SUNDAY TRIBUNE: 26 OCTOBER 2003


A bridge too far



THE Chesapeake Bay bridge on the Virginian coast in the United States is a sight to behold. And more.

It is the world's largest bridge-tunnel. An 18 mile, four lane testament to wondrous engineering. A year after it opened in 1964, it was named one of the 'Seven Engineering Wonders of the Modern World'. If I was 12 years old again, the Bay Bridge would fit the bill for a school project. I wouldn't be alone.

John McLean had the same idea at the start of term in the Boys' Latin school in Maryland last month. His class was given two projects to research. One on a famous structure and the second on a famous person.

The bridge chose itself but the second project had the hallmark of a father's influence. Bruce McLean is a Boys' Latin alumni of 1975 and loves baseball. He coaches children and prefers to use a more traditional style. "I put the kids through a pretty good regimen. I go back to the old Oriole Way", he told Michael Olesker of The Baltimore Sun [1].

The Oriole Way emphasises solid defence, discipline and the supremacy of team over individual. From the mid-1960s the Baltimore Oriole's had a 20-season run during which they won seven division titles, six pennants, and three World Series.

Since then, though, the Oriole's have been in serious decline and like countless others, the one thing that keeps a team's supporters going is an unshakeable sense of humour.

So his son picked a baseball legend called Abner Doubleday as his famous person project. And they don't come any more legendary than Doubleday.

But it was the bridge that would put the McLean's sense of humour to the test. John used the web and email to get his questions answered, but he was the one who would end up being questioned.

When his headmaster Rick Brocato turned up at the school one morning, he was met by Jim Drotar of the FBI's Joint Terrorist Task Force. "We need verification", Drotar said. "About someone who claims he's a student here. It's about Chesapeake Bay Bridge".

Brocato later recalled the visit: "Somewhere in his questioning, John had mentioned Boys' Latin. And the FBI guy said 'all I need to know is, is he a student here?' He said terrorists can impersonate people to get information. I assured him John McLean was a student, and he was doing a paper on the bridge. He said 'you need to know, students need to identify themselves'. They're very sensitive about bridges and tunnels". Not just bridges and tunnels.

Last March the same FBI division initiated a search for a female Pakistani national, believed to have travelled through the Baltimore area in the months previously. [2]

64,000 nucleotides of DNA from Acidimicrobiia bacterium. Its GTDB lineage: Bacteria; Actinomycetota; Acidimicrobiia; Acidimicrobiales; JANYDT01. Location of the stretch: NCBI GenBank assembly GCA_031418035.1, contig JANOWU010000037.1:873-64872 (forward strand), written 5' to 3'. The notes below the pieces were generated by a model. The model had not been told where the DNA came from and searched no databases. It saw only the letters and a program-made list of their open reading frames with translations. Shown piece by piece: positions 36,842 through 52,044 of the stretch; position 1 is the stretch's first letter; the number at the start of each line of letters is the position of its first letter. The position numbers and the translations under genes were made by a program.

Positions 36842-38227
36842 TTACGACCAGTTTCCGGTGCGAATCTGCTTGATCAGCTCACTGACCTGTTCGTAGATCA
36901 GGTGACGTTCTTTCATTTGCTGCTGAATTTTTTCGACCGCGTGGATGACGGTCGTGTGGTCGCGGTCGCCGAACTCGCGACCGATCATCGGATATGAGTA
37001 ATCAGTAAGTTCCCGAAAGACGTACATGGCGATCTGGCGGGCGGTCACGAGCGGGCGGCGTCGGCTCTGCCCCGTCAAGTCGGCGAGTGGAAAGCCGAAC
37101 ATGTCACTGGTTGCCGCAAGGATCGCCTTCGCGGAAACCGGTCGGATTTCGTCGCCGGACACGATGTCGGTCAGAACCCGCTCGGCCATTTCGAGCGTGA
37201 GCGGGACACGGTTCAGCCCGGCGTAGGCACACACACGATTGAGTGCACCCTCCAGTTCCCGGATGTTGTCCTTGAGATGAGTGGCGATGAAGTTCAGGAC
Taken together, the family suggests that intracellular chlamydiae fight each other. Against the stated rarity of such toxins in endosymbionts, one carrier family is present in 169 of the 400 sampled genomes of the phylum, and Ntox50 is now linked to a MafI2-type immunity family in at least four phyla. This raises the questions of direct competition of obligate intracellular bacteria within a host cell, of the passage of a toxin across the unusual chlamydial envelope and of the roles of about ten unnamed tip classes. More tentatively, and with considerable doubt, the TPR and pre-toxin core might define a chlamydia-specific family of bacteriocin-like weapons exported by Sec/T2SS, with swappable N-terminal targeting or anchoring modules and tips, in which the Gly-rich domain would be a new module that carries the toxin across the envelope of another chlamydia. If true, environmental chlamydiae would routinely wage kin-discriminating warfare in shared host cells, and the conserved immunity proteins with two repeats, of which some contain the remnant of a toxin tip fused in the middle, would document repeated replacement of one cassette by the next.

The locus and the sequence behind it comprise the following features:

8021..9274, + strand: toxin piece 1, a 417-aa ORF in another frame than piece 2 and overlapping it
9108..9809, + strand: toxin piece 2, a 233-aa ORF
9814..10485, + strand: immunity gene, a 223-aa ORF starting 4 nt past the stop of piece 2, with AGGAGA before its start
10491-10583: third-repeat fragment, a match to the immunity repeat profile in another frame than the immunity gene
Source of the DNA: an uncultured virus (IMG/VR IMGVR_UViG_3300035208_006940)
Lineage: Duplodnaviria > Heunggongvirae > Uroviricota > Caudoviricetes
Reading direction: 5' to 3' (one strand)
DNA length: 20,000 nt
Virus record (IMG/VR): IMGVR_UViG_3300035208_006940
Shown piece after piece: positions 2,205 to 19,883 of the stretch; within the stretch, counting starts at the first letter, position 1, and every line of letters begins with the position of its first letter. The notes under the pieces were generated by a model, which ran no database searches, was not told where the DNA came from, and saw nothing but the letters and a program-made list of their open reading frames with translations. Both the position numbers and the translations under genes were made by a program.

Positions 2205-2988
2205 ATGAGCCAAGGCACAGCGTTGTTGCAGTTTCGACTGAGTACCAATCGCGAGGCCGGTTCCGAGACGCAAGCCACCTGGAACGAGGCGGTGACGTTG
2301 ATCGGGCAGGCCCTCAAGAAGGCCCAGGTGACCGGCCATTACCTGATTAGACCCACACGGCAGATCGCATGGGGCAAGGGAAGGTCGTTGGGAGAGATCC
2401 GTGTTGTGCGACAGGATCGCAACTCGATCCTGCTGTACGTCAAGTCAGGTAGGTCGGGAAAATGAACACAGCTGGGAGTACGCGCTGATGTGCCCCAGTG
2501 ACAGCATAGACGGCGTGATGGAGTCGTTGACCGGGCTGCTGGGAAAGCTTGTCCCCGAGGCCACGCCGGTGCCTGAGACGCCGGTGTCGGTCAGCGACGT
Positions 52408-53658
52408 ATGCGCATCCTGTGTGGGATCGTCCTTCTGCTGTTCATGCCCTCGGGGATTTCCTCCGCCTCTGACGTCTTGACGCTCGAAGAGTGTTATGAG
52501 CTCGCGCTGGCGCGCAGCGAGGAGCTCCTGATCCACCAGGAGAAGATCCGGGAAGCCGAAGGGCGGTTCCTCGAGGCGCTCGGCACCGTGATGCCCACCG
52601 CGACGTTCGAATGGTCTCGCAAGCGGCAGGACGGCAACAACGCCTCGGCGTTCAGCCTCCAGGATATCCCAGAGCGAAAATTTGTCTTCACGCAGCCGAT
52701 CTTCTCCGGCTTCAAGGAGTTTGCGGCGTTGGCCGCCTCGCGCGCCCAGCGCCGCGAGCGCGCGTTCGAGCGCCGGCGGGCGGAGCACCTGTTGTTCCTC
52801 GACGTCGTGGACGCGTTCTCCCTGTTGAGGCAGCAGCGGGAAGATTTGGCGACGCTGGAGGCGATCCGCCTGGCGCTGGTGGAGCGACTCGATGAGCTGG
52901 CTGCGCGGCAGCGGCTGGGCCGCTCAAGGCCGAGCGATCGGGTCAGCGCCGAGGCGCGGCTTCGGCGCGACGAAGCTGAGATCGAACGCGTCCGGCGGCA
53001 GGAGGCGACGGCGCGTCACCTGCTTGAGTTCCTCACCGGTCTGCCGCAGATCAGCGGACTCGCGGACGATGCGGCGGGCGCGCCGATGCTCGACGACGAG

In December 2002, the same FBI units were involved in a search in forestry in Maryland believed to be associated with anthrax attacks. [3]

Earlier in 2002 some local community organisations accused the FBI of attempting to infiltrate their groups. Ryan Harvey, who organised an anti-fur protest attended by 52 people, said he was asked by detectives about his ideological views and whether he favoured the war in Afghanistan. Phil Andrews also had objections: "I think these surveillance tactics will lead to everybody using it as an open door. It has affected our work.

"When people come in to volunteer, we wonder is he for real. Why should a group that fights for the rights of low-income people have to start worrying about something like police infiltration?". [4] This was the backdrop young John McLean stumbled innocently into. And how was he noticed?

According to FBI spokesman Barry Maddox, it was the Transportation Authority which tipped off the FBI. Maddox hammered the issue home: "...we don't sit around monitoring emails. This was based on a referral from the Transportation Authority.

"They're the ones who red flagged it, based on the questions they were getting. We followed up. We have enough work without checking emails". (He means it, for this is the same FBI agent who was spokesman for the investigation into the trading fraud at AIB's Baltimore subsidiary Allfirst.)

With the FBI satisfied as to John McLean's bone fides, his father looks back on the incident with that humour of his. "We were laughing about the whole thing. In fact, I said to John, 'I have to talk to you'. He said 'what did I do wrong?' I said 'I want you to be perfectly honest with me son. Do you know where Osama bin Laden is?' We made it a whole joke. Because you have to laugh at it". John's second project on baseball legend Abner Doubleday should be an easy ride. Albeit one with a twist.

Doubleday was the first person to be officially recognised as the creator of baseball, apparently in a cow pasture in New York in 1839. [5]

He didn't and never claimed he did. He got credited with intentions he never had.

Just like John McLean.

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Sources and info

[1] SOURCE: quote (and others) from 'Boy's Internet research snags him in FBI web', a column written by Michael Olesker in The Baltimore Sun published on 21 October 2003.

[2] SOURCE: Gazette.net, Maryland dated March 2003.

[3] SOURCE: Global Security Newswire of December 2002.

[4] SOURCE: quotes from Baltimore City Paper online edition of June 2002.

[5] More information at BallbaseballLibrary.com